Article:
Subway stations on the Upper West Side to temporarily close this spring

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Thousands of straphangers on the Upper West Side and Astoria will have to rethink their daily commutes come spring, as the Metropolitan Transportation Authority plans on closing some stations for up to six months for repairs and upgrades. The station makeovers fall under the MTA’s Enhanced Station Initiative, a plan to improve the reliability and customer experience inside the subway system. Planned enhancements include installing digital countdown clocks at subway entrances, glass barriers, LED lighting and adorning station walls with artwork.

 Rendering of upgraded 110th Street platform via MTA

Rendering of upgraded 110th Street platform via MTA

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In Manhattan, stations at 110th, 86th and 72nd Streets on the B and C lines will close starting in April until September or October. Although more than 30,000 passengers use these stations daily, the MTA has not released a plan to mitigate the effects of the closures.

And all B-C stations between 59th and 125th Streets will be closed on 18 weekends and 40 weeknights. According to the West Side Rag, the MTA will place vinyl signs about the service updates in the stations about two or three weeks before the closure.

The Astoria- Ditmars Boulevard station will undergo a 14-month revamp beginning in April, adding to the number of subways undergoing major construction in the neighborhood. The N and W line at 30th Avenue and 36th Avenue stations have been closed since October for mostly cosmetic fixes, but will wrap up this summer (h/t Curbed NY). Later this year, Broadway and 39th Avenue stations will totally close for renovations. The upgrades to the four Astoria lines will cost $150 million.

Council Member Costa Constantinides, who represents the Queens neighborhood, has objected to the station upgrades at Ditmars Boulevard because the MTA has plans for cosmetic changes only, instead of adding a much-needed elevator to the station. Earlier this month, Constantinides rallied with other public officials, local business owners and community leaders against the planned construction. An online petition is currently being circulated, demanding better accessibility.

In January, the MTA board delayed a vote on construction contracts to renovate two stations in the Bronx and six in Manhattan after a member, appointed by Mayor Bill de Blasio, objected. During the meeting, some members questioned why so much money was being put towards unnecessary, cosmetic improvements at stations that are in decent condition already, instead of funding signal and track repairs.

 A rendering of the revamped 110th St. subway entrance.   Via MTA.

A rendering of the revamped 110th St. subway entrance.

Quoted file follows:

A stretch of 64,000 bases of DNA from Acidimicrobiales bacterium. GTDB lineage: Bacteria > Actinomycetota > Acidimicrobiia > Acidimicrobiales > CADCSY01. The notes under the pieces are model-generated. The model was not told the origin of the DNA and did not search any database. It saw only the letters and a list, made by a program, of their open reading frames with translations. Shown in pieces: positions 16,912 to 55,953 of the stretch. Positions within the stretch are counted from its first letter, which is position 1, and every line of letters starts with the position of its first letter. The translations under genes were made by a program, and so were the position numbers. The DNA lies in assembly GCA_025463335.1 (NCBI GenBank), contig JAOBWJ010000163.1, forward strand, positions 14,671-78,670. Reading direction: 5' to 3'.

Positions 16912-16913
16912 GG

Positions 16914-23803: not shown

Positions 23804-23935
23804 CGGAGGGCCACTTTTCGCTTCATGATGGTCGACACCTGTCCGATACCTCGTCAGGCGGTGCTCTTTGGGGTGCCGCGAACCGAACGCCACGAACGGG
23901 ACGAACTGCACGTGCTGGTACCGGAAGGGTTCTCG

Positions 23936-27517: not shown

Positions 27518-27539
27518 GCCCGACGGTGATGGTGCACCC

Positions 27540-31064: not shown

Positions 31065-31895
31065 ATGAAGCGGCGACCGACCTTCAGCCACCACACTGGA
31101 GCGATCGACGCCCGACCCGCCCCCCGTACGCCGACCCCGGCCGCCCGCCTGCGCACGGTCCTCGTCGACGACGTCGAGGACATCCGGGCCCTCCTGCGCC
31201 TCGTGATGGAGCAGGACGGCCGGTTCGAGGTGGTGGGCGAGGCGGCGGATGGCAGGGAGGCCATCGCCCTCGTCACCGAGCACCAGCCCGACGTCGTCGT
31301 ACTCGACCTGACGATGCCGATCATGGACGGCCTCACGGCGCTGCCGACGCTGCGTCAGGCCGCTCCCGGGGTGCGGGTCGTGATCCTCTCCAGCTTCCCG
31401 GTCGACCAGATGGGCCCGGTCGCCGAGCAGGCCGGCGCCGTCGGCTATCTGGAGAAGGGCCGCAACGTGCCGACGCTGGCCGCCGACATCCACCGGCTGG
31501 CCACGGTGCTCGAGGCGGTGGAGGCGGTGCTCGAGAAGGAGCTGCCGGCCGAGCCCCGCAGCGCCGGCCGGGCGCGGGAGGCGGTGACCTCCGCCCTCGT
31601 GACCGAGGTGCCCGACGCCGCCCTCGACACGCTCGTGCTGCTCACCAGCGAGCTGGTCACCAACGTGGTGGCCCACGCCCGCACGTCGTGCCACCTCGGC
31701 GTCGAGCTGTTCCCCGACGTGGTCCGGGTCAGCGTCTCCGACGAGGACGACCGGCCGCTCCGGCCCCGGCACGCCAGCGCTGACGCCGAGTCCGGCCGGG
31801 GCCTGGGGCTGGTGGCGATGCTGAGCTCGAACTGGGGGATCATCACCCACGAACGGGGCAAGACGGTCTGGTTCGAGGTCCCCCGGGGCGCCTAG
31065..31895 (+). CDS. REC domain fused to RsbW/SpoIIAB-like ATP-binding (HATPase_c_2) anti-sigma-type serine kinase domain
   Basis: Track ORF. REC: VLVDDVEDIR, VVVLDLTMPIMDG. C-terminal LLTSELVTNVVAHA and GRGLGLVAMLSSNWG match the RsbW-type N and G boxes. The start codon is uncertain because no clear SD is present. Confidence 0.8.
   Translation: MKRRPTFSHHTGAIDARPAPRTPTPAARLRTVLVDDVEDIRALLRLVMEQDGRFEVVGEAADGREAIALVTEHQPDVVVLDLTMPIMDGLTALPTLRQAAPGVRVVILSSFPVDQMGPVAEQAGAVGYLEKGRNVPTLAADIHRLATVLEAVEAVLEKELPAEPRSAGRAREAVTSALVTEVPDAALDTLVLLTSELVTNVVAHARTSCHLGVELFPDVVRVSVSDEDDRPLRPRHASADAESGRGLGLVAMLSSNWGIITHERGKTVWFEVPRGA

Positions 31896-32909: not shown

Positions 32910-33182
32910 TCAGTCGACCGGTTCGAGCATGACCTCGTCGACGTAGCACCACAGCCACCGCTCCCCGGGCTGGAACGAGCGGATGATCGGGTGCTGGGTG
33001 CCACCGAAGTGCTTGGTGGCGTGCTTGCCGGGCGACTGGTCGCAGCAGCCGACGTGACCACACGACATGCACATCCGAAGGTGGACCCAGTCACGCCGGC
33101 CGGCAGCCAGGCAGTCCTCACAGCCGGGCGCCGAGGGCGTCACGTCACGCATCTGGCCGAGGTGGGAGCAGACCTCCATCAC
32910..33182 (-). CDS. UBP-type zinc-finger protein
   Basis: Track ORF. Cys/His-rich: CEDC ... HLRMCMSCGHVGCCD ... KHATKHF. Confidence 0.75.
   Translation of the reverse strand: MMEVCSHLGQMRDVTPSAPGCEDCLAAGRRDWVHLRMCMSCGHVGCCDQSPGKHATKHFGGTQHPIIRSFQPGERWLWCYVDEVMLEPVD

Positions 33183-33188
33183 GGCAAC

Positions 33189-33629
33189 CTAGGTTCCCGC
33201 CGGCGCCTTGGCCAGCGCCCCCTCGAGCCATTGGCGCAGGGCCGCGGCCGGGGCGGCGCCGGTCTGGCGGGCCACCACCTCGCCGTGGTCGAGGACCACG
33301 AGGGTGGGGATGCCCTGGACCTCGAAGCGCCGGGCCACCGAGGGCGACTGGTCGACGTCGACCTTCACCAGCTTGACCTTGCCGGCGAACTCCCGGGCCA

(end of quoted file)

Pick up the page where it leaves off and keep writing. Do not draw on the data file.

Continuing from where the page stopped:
Via MTA.

Three Upper West Side subway stations and one Washington Heights station will close in the coming months for repairs as part of the MTA’s Enhanced Station Initiative, which was first announced two years ago. The West Side Rag first learned of the upcoming repair work at a Community Board 7 transportation committee meeting last week.

The stations in question are the 110th, 86th, and 72nd Street stations on the B and C lines, and the 163rd Street station on the C line. The first to shutter will be the Washington Heights one, which will close on March 12, 2018, and is expected to reopen sometime in September. 

The 110th Street station will close on April 9, and reopen sometime in September as well; the 72nd Street station will close on May 7, and the 86th Street station on June 4, and both will reopen sometime in October.

Though the repairs will vary slightly at each station, they will include waterproofing, repairs to the floors and walls, the installation of countdown clocks, illuminated handrails, LED lighting, Wi-Fi, and Help Points, among other features.

The enhanced station initiative has previously come under fire from the de Blasio administration, which feels it is a vanity project especially when the subway is in the midst of a crisis. Assembly member Daniel O’Donnell, added his voice to the criticism telling the West Side Rag that “the idea that purely aesthetic modifications will close three important stations is an outrage,” referring specifically to the Upper West Side stations.

 

Though in the case of these latest set of repairs, issues like waterproofing are also part of the mix. What’s less clear right now however are alternate modes of transportation; an MTA representative at the meeting is reported to have said that commuters would likely use buses or other subway lines, according to the West Side Rag, but no announcements have been just yet about increases service on the nearby 1,2,3 lines.